Tag Archives: prairie

The Old jail, cottonwood falls, Kansas

rectangles and squares formed by metal slats in the old jail in Cottonwood Falls, Kansas
Heavy metal slats are riveted together to form a grid of squares and rectangles in the old jail of the Chase County Courthouse in Cottonwood Falls, Kansas.

Tucked inside the beautiful Chase County Courthouse in Cottonwood Falls, Kansas, you’ll find the nastiest, roughest little jail you’ve ever seen. It seems like one night here would be enough to set anyone on the straight and narrow. Still, judging from the names repeatedly scrawled on the walls, there were several inmates who just couldn’t stay away.

Unlike other old jails I’ve seen where cells are enclosed by bars, the cells here are made from crossed slats of heavy metal. They form a pattern of rectangles and squares that creates a dreary feeling, impenetrable and unforgiving. Nonetheless, it’s fun to see if you’re only there for a visit. You get there through the jury room adjacent to the imposing courtroom.

With its red mansard roof, the Chase County courthouse is a Kansas landmark

The ugliness of the jail contrasts with the beauty of the rest of the building which was built in the French Renaissance style. Completed in 1873 the Chase County Courthouse is the older Kansas courthouse still in use. It’s constructed constructed of walnut and limestone, topped with a red mansard roof that stands high over this Flint Hills prairie town.

The courthouse is characterized by the distinctive shape of the roof.  Standing 113-feet tall, you can see the courthouse and its red mansard roof from vantage points throughout the county on most days. 

While you’re at the courthouse, be sure to look for more shapes in the architecture.

Look up from the bottom of the spiral staircase Chase County courthouse
more shapes to see in the staircase at the chase county courthouse
Looking down from the third floor of the Chase County courthouse

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Weekly Photo Challenge: In the Background, South Dakota

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Hiking with the Nature Conservancy in the Samuel H. Ordway Memorial Preserve in South Dakota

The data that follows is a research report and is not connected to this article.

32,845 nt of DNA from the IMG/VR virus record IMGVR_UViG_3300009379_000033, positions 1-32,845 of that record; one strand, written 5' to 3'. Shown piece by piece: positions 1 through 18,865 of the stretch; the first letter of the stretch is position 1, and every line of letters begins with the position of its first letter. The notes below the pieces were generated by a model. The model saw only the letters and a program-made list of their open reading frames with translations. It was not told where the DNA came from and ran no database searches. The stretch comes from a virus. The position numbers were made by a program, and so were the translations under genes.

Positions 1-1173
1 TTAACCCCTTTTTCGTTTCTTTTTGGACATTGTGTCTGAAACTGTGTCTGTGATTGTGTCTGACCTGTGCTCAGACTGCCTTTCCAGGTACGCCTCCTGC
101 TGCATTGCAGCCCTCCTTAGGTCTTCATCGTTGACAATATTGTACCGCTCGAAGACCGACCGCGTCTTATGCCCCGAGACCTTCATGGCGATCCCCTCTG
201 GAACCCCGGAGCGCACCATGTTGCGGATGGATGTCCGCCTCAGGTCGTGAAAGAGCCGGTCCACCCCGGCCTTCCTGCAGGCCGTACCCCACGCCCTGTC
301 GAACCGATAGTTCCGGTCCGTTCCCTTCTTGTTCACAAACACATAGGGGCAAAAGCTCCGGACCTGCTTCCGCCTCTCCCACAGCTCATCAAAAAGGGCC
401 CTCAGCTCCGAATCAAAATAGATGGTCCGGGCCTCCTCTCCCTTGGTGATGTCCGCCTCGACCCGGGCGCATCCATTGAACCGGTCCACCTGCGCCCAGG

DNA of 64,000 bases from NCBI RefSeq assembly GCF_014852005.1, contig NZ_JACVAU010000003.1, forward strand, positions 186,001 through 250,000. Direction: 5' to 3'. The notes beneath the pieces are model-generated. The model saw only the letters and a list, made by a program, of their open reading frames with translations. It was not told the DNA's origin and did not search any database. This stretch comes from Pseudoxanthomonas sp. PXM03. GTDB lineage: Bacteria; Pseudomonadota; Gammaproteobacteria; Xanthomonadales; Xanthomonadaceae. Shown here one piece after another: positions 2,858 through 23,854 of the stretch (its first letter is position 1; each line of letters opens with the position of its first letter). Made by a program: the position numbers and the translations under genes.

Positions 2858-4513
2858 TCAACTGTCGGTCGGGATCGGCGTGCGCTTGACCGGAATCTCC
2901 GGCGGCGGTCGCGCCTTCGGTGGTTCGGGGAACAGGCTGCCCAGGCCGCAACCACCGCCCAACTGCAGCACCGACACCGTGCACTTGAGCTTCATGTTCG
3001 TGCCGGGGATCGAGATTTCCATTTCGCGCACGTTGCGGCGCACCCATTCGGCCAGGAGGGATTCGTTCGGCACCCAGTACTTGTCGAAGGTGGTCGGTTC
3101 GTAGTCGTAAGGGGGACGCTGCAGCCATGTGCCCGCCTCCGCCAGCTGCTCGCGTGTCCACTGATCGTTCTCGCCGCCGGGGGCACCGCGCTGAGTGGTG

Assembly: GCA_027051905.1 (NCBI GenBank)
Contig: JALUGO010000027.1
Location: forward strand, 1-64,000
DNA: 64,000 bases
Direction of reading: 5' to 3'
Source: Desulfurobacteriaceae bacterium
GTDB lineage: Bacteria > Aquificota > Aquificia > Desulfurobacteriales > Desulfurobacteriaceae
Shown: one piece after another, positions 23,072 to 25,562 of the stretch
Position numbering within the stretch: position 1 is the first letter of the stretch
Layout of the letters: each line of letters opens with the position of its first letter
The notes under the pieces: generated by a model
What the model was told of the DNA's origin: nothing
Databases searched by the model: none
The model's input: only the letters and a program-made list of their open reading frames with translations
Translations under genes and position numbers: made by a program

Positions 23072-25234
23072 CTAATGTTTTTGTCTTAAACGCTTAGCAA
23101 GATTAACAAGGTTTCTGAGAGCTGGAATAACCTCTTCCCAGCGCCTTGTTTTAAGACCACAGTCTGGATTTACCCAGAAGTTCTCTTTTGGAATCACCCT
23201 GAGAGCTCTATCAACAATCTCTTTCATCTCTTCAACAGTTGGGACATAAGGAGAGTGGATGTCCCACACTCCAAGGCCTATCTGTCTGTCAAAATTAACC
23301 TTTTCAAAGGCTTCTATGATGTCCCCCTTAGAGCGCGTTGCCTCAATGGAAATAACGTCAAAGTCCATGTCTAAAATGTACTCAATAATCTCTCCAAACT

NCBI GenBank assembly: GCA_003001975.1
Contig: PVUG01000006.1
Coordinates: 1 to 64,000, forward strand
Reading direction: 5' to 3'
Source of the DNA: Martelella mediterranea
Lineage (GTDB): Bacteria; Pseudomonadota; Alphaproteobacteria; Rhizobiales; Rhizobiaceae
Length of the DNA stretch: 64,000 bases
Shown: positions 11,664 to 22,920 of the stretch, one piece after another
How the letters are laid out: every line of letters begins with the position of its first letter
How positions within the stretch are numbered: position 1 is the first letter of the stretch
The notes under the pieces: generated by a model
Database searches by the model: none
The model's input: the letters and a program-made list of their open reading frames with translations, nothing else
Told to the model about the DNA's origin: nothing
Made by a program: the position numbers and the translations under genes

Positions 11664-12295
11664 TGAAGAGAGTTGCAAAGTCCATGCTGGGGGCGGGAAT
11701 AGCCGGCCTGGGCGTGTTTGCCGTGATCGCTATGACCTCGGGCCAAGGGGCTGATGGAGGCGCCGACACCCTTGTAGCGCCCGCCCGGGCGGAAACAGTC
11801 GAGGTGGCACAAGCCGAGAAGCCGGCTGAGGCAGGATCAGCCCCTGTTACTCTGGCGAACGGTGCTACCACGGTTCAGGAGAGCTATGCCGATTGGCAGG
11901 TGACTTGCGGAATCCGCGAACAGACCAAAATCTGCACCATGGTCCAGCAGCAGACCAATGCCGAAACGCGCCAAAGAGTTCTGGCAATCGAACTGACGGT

On the prairie, the background is the story. More than most other places, the vast grasslands of the Dakotas make us stop and look for a moment at open spaces and realize that they are far from empty.

Gretel Ehrlich says in The Solace of Open Spaces, “We Americans are great on fillers, as if what we have, what we are, is not enough. We have a cultural tendency toward denial, but being affluent, we strangle ourselves with what we can buy. We gave only to look at the houses we build to see how we build “against” space, the way we drink against pain and loneliness. We fill up space as if it were a pie shell, with things whose opacity further obstructs our ability to see what is already there.”

Buffalo, Butterflies and Oceans of Grass on the South Dakota Prairie

The vast sky and grassland of the South Dakota Prairie

When driving “out west,” as people in my half of the country call it, the prairie is the part of the trip to be gotten through before you get to the good stuff, the mountains and national parks of the west.  Yet on a recent trip to the prairie of South Dakota, I realized that the vast ocean of grass that stretch as far as the eye can see is a fascinating destination in itself.

The grassland supports delicate butterflies....

...colorful flowers....

We went on a tour of the Nature Conservancy’s  Samuel Ordway Prairie Preserve.  Aberdeen is the closest town, if you don’t count the really tiny farm communities in between.  When the prairie was my destination, not something to be barreled through on my way somewhere else, I began to really look and found that the amazing grassland is teaming with wildlife, from tiny frogs and butterflies to birds and enormous buffalo, if you take the time to look at it. Actually, it’s hard to miss the buffalo.

... and enormous buffalo.

To people who are used to city or suburban life simply to be in such a vast uninhabited grassland is amazing.  In her memoir, Dakota: A Spiritual Geography, Kathleen Norris talks about a friend who asked her what there is to see there.  She responds, “Nothing.”  And that’s precisely the point.  So much open space—no telephone poles, buildings or trees and no people—is something rarely seen. It also struck how different one’s perspective on life would be, politically and otherwise, if you lived in such an area rather than a city.

On this 7,800-acre preserve, the Nature Conservancy staff manages a bison herd and conducts research on the plants and animals of this ecosystem, especially in relation to invasive exotic species.  However, I was most fascinated with the land itself and the size of the sky.  It would take a much tougher person than I am to live in this expanse, especially in winter.

So, on your way to the Black Hills, Mt. Rushmore, the Badlands, and on to Yellowstone or other parks, take a look at the prairie, too.  If you’re going, I recommend reading Dan O’Brien’s Buffalo for the Broken Heart: Restoring Life to a Black Hills Ranch, Dan Laskin’s The Children’s Blizzard, and O.E. Rolvag’s classic about prairie pioneers, Giants in the Earth.